The Universal Declaration of Human Rights outlined what Eleanor Roosevelt and the other authors of the document believed should be the basic premise of the modern world: "Everyone has the right to a standard of living adequate for the health and well-being of himself and of his family, including food, clothing, housing and medical care and necessary social services."
When the declaration was approved 70 years ago, the notion that health care is a universal right was not a radical vision. Americans had just defeated fascists who rejected universal rights by dismissing the humanity of those who did not match the narrow standards established in Hitler’s anti-Semitic and racist Nuremberg Laws.
Franklin Roosevelt countered with an American standard, promising to deliver a “Second Bill of Rights” that recognized “the right to adequate medical care and the opportunity to achieve and enjoy good health.” There could be no compromises because, the 32nd president warned, “America's own rightful place in the world depends in large part upon how fully these and similar rights have been carried into practice for all our citizens. For unless there is security here at home there cannot be lasting peace in the world.”
Seventy-five years after FDR embraced the future, there are still Republicans in Wisconsin who reject it. Their apostasy should be understood as what it is: the contemporary expression of Tory opposition to the idea that Americans are created equal and “that from that equal creation they derive rights inherent and inalienable, among which are the preservation of life, and liberty, and the pursuit of happiness.”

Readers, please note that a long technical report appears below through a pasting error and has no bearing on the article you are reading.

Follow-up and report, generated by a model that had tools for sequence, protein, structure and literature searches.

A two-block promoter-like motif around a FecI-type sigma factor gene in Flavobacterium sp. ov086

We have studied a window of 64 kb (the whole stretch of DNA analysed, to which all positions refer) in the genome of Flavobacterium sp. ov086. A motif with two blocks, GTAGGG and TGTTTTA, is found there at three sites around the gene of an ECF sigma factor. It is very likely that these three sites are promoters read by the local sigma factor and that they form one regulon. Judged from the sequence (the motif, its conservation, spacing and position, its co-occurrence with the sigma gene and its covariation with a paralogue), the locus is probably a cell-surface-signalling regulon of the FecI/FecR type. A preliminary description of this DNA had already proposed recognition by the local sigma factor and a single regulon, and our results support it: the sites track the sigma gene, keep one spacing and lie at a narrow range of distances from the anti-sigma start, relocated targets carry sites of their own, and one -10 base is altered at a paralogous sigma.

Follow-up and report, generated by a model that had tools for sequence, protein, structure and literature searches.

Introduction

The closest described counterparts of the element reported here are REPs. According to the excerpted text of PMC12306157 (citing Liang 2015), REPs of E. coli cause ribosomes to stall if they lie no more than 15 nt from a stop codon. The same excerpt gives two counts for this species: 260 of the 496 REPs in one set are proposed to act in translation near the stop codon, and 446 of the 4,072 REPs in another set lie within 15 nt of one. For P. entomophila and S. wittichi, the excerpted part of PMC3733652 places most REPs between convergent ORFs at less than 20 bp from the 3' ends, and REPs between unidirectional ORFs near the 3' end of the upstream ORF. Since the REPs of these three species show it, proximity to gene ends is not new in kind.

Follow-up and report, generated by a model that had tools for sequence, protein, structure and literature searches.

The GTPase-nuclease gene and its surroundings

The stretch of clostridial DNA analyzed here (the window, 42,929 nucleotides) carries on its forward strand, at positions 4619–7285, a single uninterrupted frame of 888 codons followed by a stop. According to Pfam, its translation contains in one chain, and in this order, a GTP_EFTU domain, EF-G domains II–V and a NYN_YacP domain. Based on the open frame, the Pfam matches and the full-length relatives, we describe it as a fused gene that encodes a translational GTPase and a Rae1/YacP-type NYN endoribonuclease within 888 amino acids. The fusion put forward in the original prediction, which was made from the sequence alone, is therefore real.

The wrangling between Wisconsin Gov. Tony Evers and Assembly Speaker Robin Vos over Medicaid expansion has been reduced to clinical arguments over how to balance a budget. But that narrow construction misses that deeper sin of a Republican approach that Evers correctly identifies as "fiscally irresponsible and morally reprehensible."
Yes, of course, Wisconsin should have a balanced budget. And, yes, that budget should reflect the values of Wisconsinites who, last fall, rejected the economically-unsound policies of Scott Walker, who steered billions of taxpayer dollars toward foreign corporations while under-funding schools, roads and essential services.
But the fight over Medicaid expansion is about more than the fiscal common sense of Evers' plan to accept roughly $325 million in federal funding that’s been made available to the states through the Affordable Care Act. It is about whether Wisconsin recognizes that health care is a right.
Medicaid expansion would allow 82,000 Wisconsinites whose income levels straddle the poverty line to get necessary health care. But it’s not the same 82,000 from year to year. It’s everyone who, in these turbulent times, might lose a job and end up at risk of getting sicker or dying because they cannot afford health care. This is why Evers is so right and Vos is so very wrong.
The governor is not just fighting for a budget.
He’s fighting for all of our lives.
John Nichols is associate editor of The Capital Times. firstname.lastname@example.org and @NicholsUprising.
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